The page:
(TGHF) VANESSA DIMIRCYAN OF The Garifuna Heritage Foundation
News
March 18, 2022
‘Our Garifuna heritage must be preserved and showcased’

THERE IS A need for a long term training program to prepare Vincentian professionals in the fields of archaeology, history, anthropology and museum sciences.

This and other areas of need were highlighted by Vanessa Dimircyan of The Garifuna Heritage Foundation (TGHF), as she spoke at the annual wreath laying ceremony on Monday, March 14 at the Obelisk in Dorsetshire Hill in memory and honour of National Hero, paramount chief the Right Excellent Joseph Chatoyer.

Unfazed by the inclement weather that blew across the windy hilltop in the early morning of National Heroes’ Day, dignitaries and uniformed men and women gathered purposefully to mark the day on which the paramount Carib chief is said to have died in battle with the British colonisers.

“We are still not fully aware of the circumstances surrounding the death of Paramount Chief… Joseph Chatoyer on March 14, 1795, whom we gather here to honour today; perhaps we will never,” said Dimircyan, who delivered remarks on behalf of the President of TGHF, David ‘Darkie’ Williams and the members of the Foundation.

The history of that time is penned by the English and the French and tells only part of the story.

“However, still we gather as we have done officially and unofficially over the years past because we recognise that this gathering, this coming together today of a nation in such a ceremony as this represents a commitment to descendants of Chatoyer,” she said.

“…that we should not forget the spirit of resistance which built this nation or the sacred trust which has been handed down to this present generation to guard this country well, to conserve and carefully manage its rich resources of people, land and sea. Resources for which the Kalinago and Garifuna people gave their lives to protect.”

The resources of a country also include its identity, she said.

“Its sense of nationhood, what constitutes its soul,” inclusive of a clear knowledge of where we came from and who we are.

“Since we last gathered here in Dorsetshire Hill in 2021, our country and in particular the indigenous communities located in the red zone, the traditional Garifuna communities of Fancy, Owia, Sandy Bay, Grieggs, Rose Bank and Rose Hall have been devastated by the impact of the explosive eruption of …La Soufrière volcano,” Dimircyan stated.

She noted that this, combined with the effects of the COVID-19 pandemic have resulted in great hardship to the communities.

However, within this time there also existed a reminder of the thirst for the knowledge of the Garifuna heritage and culture. “The COVID-19 pandemic highlighted the limitations of conventional medicine and focused attention on the need to examine traditional herbal remedies. We also learned the importance of self reliance when it became clear that travel and the sourcing of imported food were impacted by the volcanic eruption and by COVID-19,” she explained.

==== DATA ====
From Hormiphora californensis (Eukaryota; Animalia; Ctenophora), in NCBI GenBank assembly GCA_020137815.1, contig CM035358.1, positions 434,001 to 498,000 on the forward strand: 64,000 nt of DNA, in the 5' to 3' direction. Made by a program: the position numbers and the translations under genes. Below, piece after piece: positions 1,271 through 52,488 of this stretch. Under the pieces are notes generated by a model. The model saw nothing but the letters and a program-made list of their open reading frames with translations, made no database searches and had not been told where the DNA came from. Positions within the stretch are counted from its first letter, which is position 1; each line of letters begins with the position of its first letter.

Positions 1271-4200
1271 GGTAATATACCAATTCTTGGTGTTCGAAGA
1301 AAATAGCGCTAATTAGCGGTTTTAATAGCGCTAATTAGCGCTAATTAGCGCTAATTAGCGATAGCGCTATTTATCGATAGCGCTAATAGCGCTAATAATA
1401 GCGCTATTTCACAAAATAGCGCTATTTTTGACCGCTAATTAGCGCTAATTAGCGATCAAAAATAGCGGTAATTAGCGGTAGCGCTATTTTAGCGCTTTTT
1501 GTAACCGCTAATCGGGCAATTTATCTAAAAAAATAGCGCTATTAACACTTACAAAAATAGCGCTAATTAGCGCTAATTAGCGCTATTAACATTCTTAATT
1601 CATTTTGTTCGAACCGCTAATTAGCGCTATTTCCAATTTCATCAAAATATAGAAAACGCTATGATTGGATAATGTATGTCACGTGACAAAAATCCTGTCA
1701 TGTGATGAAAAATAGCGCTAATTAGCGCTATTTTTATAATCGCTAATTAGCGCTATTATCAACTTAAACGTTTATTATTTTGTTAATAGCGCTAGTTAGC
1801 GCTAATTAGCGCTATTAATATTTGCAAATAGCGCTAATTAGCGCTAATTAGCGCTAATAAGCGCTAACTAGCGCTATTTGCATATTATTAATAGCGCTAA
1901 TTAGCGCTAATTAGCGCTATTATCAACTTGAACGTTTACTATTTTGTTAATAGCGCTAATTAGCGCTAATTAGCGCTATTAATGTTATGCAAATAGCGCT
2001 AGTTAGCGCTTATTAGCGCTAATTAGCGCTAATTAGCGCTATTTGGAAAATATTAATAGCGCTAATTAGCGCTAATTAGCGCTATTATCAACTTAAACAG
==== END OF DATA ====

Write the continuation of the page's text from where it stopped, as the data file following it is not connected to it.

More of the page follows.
“There is a dire need for teaching materials, which focus on the Garifuna heritage and culture, in schools,” she said.

“There is also an urgent need for an ongoing research program to engage our bright, young minds in search of concrete information on their history and culture,” she continued, “there is a need for a museum which showcases all of the indigenous Vincentian historical, cultural and anthropological experience. And last but not least, there is a need for a long term training program to prepare Vincentian professionals in the field of archaeology, history, anthropology and museum sciences.”

As a non-profit, TGHF itself since 2001 has been providing education programs focused mainly on youth with a view to promoting the Garifuna heritage and culture.

The representative of TGHF also expressed a need for a statue “to be commissioned and erected in a prominent location to honour” the contribution made by paramount chief, Jospeh Chatoyer.

“As we gather today we are again challenged by the need to continue the work of preparing to ground our future development firmly on the knowledge of our indigenous peoples and the contributions and achievements of the past,” Dimircyan said.

She also revealed that the Foundation will in the future be seeking to promote greater involvement of the Garifuna Diaspora who view St Vincent and the Grenadines (SVG) as their ancestral homeland.

“This year TGHF hosted our ninth international Garifuna conference which brought together activists, practitioners, and researchers from all over the world. Our conferences have energised Garifuna communities to work together in the future to strengthen their links with each other, collaborate on economic and social programs and develop a greater understanding of their Garifuna history and culture,” Dimircyan said.

She concluded, “It is this collaborative pooling of energies, resources and ideas which represents in principle an important legacy of the history of our people and one I wish us to reflect upon and commit ourselves to continuing as we celebrate the life of our first national hero… today”.